Preliminary Results Find Demand Response-Green Building Partnership is Off to a Great Start

on March 04, 2014 at 10:00 AM

One World Trade Center Deemed Tallest Building In North America

Buildings account for 40% of our nation’s electricity use. In 2012, power plants spewed about 2 gigatons of global warming pollution into our air, which was about one-third of total U.S. emissions. That’s why EDF and the U.S. Green Building Council (USGBC) teamed up to launch the Demand Response Partnership Program (DRPP) aimed at increasing the participation from commercial buildings in host utility demand response (DR) and smart grid programs. Now, 2 years into the program, the preliminary results of this collaboration are available in our 2013 DRPP Overview.

DR is used to reduce energy use by rewarding utility customers who use less electricity during times of “critical,” peak electricity demand. Through DRPP, we leveraged relationships with the building community asking LEED projects to operate in low power mode when the grid is stressed. LEED ‘Pilot Credit 8: Demand Response’ has been developed as an incentive and implementation guideline.

This study evaluated three areas to measure the program’s success in 2013: Recruitment and outreach to potential participants, research and analysis of data from participants, and education about the DRP Program. A few key highlights are outlined in the Overview:

  • Completed outreach to 572 LEED ‐registered and ‐certified buildings, representing 275 million square feet. Of these, 133 buildings (representing 51 million square feet) are enrolled, evaluating enrollment, or have been determined to be DR ready.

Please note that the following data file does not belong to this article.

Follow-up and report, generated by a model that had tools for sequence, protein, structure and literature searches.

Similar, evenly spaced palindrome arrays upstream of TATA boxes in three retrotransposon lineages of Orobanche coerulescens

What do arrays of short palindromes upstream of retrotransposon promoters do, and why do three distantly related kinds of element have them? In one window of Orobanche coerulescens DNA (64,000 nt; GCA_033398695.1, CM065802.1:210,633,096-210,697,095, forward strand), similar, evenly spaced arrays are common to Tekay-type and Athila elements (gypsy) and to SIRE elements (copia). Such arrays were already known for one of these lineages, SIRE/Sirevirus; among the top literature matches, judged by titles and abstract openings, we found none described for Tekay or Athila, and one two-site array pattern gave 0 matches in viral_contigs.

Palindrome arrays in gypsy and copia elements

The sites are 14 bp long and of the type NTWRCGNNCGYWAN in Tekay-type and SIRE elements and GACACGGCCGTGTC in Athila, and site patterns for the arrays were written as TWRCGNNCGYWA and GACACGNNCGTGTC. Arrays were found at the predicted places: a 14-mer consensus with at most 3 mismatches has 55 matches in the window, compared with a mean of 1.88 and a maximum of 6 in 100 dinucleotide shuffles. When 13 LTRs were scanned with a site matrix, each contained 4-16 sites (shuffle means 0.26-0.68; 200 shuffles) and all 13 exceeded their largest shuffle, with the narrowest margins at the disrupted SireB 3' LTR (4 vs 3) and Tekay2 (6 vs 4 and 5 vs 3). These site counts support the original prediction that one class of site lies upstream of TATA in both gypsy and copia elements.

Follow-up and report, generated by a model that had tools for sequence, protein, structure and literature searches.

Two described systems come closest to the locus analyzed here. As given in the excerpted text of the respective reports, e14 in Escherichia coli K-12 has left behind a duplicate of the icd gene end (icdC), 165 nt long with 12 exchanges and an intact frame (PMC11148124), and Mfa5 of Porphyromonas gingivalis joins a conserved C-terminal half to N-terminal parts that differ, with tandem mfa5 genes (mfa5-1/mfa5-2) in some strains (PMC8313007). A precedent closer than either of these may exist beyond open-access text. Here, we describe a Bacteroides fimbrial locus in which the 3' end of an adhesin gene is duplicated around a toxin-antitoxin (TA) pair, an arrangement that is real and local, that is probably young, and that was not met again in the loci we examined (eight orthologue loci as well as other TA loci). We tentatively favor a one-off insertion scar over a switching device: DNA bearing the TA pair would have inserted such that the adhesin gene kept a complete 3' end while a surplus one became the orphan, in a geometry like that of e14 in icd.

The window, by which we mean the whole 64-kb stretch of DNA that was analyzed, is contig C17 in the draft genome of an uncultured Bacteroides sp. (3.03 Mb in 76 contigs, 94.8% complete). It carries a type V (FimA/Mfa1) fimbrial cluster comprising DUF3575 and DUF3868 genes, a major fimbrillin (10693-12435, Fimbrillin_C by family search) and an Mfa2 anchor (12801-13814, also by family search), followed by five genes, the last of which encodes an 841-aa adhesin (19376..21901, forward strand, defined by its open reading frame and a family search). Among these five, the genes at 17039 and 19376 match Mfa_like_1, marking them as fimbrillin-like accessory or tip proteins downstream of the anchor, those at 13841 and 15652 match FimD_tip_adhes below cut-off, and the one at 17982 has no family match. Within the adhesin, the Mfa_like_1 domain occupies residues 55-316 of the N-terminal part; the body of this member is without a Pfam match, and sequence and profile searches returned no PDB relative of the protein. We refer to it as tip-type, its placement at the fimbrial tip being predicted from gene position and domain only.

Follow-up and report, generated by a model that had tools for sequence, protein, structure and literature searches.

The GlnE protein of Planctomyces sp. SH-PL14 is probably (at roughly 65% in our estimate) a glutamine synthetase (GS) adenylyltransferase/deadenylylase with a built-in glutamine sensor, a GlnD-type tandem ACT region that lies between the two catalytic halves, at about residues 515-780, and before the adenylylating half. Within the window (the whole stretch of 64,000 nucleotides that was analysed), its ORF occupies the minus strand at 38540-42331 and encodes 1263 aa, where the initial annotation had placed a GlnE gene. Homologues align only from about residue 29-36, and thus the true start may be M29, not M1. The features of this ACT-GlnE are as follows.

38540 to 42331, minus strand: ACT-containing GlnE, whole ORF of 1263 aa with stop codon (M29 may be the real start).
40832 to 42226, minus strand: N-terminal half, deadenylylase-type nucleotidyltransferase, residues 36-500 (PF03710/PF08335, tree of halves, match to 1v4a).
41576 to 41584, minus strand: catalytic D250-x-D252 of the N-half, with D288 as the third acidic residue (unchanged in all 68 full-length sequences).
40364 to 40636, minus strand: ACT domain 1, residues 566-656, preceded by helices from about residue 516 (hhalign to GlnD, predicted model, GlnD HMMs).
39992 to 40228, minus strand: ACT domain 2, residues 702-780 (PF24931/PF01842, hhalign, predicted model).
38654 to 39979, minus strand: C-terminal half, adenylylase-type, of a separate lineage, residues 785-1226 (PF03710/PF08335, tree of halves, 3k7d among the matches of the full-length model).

• Entered data analysis and reporting phase with a research pool of 30 buildings agreeing to provide energy usage data and nearly 200 buildings participating in the Building Systems Assessment Survey.
  • Energy use data for 14 buildings, representing a total of 125 demand response events, were analyzed and this analysis will serve as a basis for future case studies.

USGBC & EDF partnered with select utilities, solution providers, and researchers to bridge the gap between the supply and demand sides of the energy grid. Southern California Edison (SCE) and NV Energy joined the team as utility hosts. Enerliance and MelRok are engaged as solution providers, with EDF and Lawrence Berkeley National Lab heading up the research arms of the program.

LEED Buildings Movement Leads the Way

According to the DRPP landing page on the USGBC website, “DRPP is part of a larger movement by LEED to get builders and architects to start thinking more holistically about their buildings and considering the interconnection between building systems. Demand response is another step in this tradition and focuses on thinking beyond the walls of the project to consider the interconnection between energy use decisions (how much and when it is used) and the impacts on energy generation and distribution capacity.”

With the launch of LEED v4, the newest update to the LEED green building program, what started as Pilot Credit 8: Demand Response has become a permanent part of the LEED rating system. The Demand Response credit rewards projects with 1-3 points towards LEED certification for ensuring their buildings are automated, DR-ready, and participating in programs if they are available.

Project registrations for the DRPP LEED credit have continued to pick up and now total over 300 across the country. Projects registered under LEED 2009 can still continue to use Pilot Credit 8: Demand Response.

More Results to Come

This year, DRPP will continue with data analysis and reporting, focusing on feedback surveys from commercial building participants and partners. EDF is examining the environmental impacts of demand response events by testing the premise that DR is both environmentally beneficial and key to increasing renewable generation.

The results of this analysis will be released in a final report in summer 2014. In the meantime, EDF will continue working with its DRPP partners to maximize the untapped potential of demand response to reduce carbon emissions, lower energy bills, and improve grid resiliency.

By Jamie Fine

Originally Published on February 25th, 2014

The Energy Exchange Blog is a forum where EDF‘s energy experts discuss how to accelerate the transition to a clean, low-carbon energy economy. Follow them on Twitter here: @EDFEnergyEX.